Taking a stand… often at a cost…

June 25, 2018 by · Leave a Comment 

What do Michael Jones, Sandy Koufax, Eric Liddell, and Hakeem Olajuwon all have in common? They are all major athletes who made professional sacrifices due to their faith. In some cases the sacrifices made had only a minimal cost, but in others the cost was quite significant. This reality was recently brought to our attention through the eyes of a Detroit News from October 3, 1965. It tells of Sandy Koufax not being available to start the 1st game of the World Series due to his observance of Yom Kipper. Although the article states it really wasn’t a big deal, his missing the first game would mean he would not be available to pitch 3 times if the series took 7 games, unless he pitched with only 2 days rest – rarely a successful venture. After his team lost the first two games of the series, it sure appeared as if his decision would prove quite costly. However, in the end, he did pitch game 7 on only 2 days rest – won the game, and was named the Series MVP. However, what if they had lost? What about others who’s teams have lost or they themselves were excluded from major events due to their faith? Do you think many ever regret their decision to put their faith first? I’m guessing no, but perhaps others know otherwise.

Great Headlines Speak For Themselves… Dodgers are champions!

October 10, 2014 by · Leave a Comment 

The best headlines need no commentary. Such is the case with the LOS ANGELES TIMES–EXTRA, September 30, 1959: “L.A. DODGERS CHAMPIONS ! “Blog-10-10-2014-Dodgers-Are-Champs-1959

The Traveler… Braves vs. Athletics creates new record…

October 6, 2014 by · 2 Comments 

This week I traveled to Omaha, Nebraska, via the Omaha Evening Bee of October 8 through 13, 1914 (excluding the 11th which was a Sunday), where I enjoyed the 1914 World Series between the Boston Braves and the Philadelphia Athletics (see below). This series was the first four-game sweep in World Series history, excluding any tie games. The Braves had even abandoned their home field and played at Fenway Park while awaiting construction of their new home field, thus not having any “home field advantage.”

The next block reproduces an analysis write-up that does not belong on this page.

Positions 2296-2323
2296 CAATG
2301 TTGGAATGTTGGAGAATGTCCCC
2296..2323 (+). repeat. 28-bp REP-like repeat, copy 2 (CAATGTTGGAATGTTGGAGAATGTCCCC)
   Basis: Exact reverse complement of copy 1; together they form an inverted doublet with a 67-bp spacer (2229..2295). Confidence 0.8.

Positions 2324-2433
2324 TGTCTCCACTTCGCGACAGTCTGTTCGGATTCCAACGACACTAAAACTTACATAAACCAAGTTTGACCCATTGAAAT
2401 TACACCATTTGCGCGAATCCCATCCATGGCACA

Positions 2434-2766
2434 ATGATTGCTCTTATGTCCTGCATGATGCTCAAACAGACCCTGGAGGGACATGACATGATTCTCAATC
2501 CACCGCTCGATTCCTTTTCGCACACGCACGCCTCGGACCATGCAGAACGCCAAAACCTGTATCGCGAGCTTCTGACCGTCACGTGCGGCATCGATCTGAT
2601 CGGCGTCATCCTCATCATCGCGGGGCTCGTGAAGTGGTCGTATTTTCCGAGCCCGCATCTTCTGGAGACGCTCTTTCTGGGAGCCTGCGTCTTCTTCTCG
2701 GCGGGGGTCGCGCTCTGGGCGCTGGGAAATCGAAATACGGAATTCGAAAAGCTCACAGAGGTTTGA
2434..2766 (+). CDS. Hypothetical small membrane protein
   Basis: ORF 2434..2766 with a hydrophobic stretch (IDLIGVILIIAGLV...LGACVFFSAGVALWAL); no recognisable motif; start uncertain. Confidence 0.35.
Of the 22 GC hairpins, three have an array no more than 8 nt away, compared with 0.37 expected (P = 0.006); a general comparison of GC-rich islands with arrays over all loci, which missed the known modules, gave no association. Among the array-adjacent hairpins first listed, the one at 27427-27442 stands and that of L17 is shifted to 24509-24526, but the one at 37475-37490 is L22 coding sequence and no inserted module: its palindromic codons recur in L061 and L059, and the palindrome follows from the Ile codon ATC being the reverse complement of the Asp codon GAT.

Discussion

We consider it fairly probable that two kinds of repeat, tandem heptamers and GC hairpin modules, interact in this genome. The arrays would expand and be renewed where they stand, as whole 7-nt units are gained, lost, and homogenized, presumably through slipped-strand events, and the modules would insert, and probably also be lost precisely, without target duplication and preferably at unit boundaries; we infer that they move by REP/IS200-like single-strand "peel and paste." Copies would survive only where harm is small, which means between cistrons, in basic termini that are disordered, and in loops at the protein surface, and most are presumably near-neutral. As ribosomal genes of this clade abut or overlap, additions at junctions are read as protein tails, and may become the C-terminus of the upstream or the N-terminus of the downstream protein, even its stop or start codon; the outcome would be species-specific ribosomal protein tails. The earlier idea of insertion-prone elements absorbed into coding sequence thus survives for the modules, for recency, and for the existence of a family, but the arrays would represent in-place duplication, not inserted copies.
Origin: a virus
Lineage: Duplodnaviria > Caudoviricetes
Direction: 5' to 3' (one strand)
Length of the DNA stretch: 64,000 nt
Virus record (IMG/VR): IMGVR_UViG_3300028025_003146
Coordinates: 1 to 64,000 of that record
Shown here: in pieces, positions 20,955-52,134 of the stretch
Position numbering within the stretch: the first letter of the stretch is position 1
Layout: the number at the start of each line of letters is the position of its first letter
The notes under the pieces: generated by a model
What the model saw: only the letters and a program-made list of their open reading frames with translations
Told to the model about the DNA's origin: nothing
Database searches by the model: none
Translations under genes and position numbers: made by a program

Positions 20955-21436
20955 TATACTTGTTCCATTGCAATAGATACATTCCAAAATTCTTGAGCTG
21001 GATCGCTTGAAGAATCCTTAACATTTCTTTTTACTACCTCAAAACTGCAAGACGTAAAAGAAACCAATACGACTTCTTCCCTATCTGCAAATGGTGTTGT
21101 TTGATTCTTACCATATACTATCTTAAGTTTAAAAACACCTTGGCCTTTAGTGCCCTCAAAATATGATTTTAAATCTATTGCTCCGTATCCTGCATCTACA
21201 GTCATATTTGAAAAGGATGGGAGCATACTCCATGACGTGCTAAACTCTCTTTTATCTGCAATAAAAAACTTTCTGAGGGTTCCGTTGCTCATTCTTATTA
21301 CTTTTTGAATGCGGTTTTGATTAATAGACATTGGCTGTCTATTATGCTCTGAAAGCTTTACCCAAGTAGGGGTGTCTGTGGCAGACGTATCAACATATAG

This is a bit of a unique publication as the first page of each issue is printed on pink-colored paper and features the sports news as the major headline event and large illustrations. Further reporting is continued within the regular portion of the newspaper as well.

~The TravelerPhialdelphia Athletics 1914 Connie Mack

Great Headlines Speak For Themselves… perfect game for Don Larsen…

September 26, 2014 by · Leave a Comment 

The best headlines need no commentary. Such is the case with the MIRROR NEWS–EXTRA, Los Angeles, October 8, 1956: “1ST PERFECT GAME IN SERIES HISTORY”Blog-9-26-2014-Don-Larsen-Perfect-Game

The Traveler… coffins… do they really have an expiration?

October 21, 2010 by · Leave a Comment 

Take me out to the ballgame… It’s the reporting for Game Three of the World Series between the Philadelphia Athletics and the Chicago Cubs in the October 21, 1910 issue of The Allentown Morning Call in which it is reported, “The Combat to-day was a slaughter with the final score Philadelphia 12 – Cubs 5″. Just a Wikipedia tidbit of information — in Game 2, all nine Philadelphia players in the line-up got a hit, the first time in World Series history.

The reporting of Dr. Crippen’s murder trial is also on the front page as well. This was the first murderer caught via wireless communications.

An unrelated article caught my eye as I was quickly scanning through inside pages… “Three Years For Coffin”. It ends up being about a man with the last name of Coffin who was being sent to Leavenworth on counterfeiting charges. At a quick glance, it makes one wonder if there were was an expiration date on “coffins”.  I thought they were to last an eternity. 🙂

~The Traveler